[antlr-interest] recognizing a function
lgcraymer at yahoo.com
Sat Jul 26 16:06:35 PDT 2008
If you ignore the "( later subroutines and function calls too )", then the answer to your last I define a full Fortran grammar for that?" is no and Johannes describes the path to follow. Once you need to look inside functions and subroutines, though, you pretty much need a full grammar. The good news is that a full grammar is easier to "steal" and debug--there is plenty of code to run against a full parser. Also, the full grammar enables capabilities that you have not yet thought of developing--it's amazing how often the more general grammar solution ends up being a common part of one's toolchest.
----- Original Message ----
From: Guy Kroizman <kroizguy at gmail.com>
To: antlr-interest at antlr.org
Sent: Saturday, July 26, 2008 6:09:43 AM
Subject: Re: [antlr-interest] recognizing a function
Thank you Ana Nelson and John B Brodie, I have learned much from your assiduous responses.
My goal is to write a program that gets a valid Fortran code and output the locations of the functions ( later subroutines and function calls too ).
I am still having a hard time figuring out how can I a grammar that will only match a certain rule and ignore all other input.
Must I define a full Fortran grammar for that?
On Fri, Jul 25, 2008 at 1:28 AM, John B. Brodie <jbb at acm.org> wrote:
Guy Kroizman wrote (in part):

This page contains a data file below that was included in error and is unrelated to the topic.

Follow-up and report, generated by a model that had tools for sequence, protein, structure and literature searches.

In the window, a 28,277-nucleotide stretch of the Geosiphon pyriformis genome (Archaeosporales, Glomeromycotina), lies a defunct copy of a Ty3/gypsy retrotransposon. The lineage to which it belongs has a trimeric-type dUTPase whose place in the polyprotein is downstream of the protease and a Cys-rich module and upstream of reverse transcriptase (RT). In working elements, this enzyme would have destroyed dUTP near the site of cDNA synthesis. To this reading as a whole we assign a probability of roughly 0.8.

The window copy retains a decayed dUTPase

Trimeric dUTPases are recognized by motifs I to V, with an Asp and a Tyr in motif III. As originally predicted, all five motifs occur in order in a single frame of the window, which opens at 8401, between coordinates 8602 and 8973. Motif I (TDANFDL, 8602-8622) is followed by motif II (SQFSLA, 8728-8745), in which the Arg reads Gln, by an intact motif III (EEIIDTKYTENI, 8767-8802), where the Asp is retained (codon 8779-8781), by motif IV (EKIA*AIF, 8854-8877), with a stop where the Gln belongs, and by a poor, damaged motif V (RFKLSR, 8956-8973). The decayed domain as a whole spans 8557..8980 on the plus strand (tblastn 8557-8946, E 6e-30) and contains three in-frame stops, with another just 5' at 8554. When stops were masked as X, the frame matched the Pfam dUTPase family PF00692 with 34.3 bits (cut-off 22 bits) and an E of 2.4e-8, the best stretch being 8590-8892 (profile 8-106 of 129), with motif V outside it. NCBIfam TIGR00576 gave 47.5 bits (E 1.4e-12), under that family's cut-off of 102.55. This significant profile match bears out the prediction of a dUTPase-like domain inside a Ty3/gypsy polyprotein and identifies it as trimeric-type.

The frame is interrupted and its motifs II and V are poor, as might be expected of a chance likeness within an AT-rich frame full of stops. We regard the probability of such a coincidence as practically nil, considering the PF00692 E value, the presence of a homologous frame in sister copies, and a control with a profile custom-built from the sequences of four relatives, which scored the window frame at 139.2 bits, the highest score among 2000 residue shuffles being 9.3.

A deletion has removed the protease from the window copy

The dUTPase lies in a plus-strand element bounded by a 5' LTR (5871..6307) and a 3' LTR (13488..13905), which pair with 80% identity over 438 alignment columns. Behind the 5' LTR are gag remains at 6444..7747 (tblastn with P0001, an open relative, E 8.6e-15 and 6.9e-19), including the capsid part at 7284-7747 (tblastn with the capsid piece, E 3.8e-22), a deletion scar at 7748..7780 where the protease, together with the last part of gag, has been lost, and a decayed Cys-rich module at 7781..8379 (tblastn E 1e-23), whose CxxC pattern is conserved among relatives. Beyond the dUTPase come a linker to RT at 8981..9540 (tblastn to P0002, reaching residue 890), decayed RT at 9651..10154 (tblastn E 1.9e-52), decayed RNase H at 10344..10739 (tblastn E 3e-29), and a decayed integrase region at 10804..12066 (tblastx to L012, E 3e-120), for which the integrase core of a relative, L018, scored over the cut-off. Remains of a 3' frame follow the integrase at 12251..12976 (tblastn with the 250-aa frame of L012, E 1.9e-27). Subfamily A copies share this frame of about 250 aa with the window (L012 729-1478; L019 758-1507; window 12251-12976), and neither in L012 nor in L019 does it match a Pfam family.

>I have written a grammar that I hoped would find a function definition in a
>Running it produces nothing. s-:
>I played with it a lot and debugged it with jdb and ANTLRWorks but to avail.
>I wonder if anybody would be so kind to point me to the problem with the
> root :
It is that pesky * on your start rule.
You have said that a valid program (e.g. any parsable derivation starting
from your root rule) may contain ZERO or more functionStatement's.
So when you run your parser against the input you supplied in the previous
message. The parser sees the keyword - er I mean the NAME - PROGRAM as the
first token it encounters. PROGRAM is not a valid starting token for the
functionStatement rule. So the parser just silently quits, without parsing
anything because it found ZERO functionStatement's and you have said that
is an okay thing.
1) I would suggest that you explicitly require an EOF token at the end of
any valid input - this will immediately show problems like the one
discussed above. So I would suggest that you change your root rule to:
root : ( functionStatement )* EOF ;
running your parser with this version of the root rule should produce a
syntax error - something similar to "found PROGRAM, expecting FUNCTION"
2) I would suggest not trying to deal with case insensitivity in your
lexer. Rather I would suggest using the case insensitive input file
stream posted to the antlr-interest mailing list back in december of
2006. ask about it again if you can't find it in the list's archives.
3) I would not try to recognize keywords using a Parser rule - such as your
type rule. Your type rule expects to see each individual letter of the
various keywords. However, ANTLR lexers are very greedy, they will
consume the longest possible sequence of characters that matches some
lexer rule. So your type rule will never see any individual letter
because all of the letters will be greedily gobbled up by the NAME
rule. Make the type rule be a lexer rule, and see the next suggestion...
4) You are going to experience a devil of a time trying to deal with
keywords that also may be identifiers. I believe there are lots of
messages about this in the mailing list archives.
Hope this helps.
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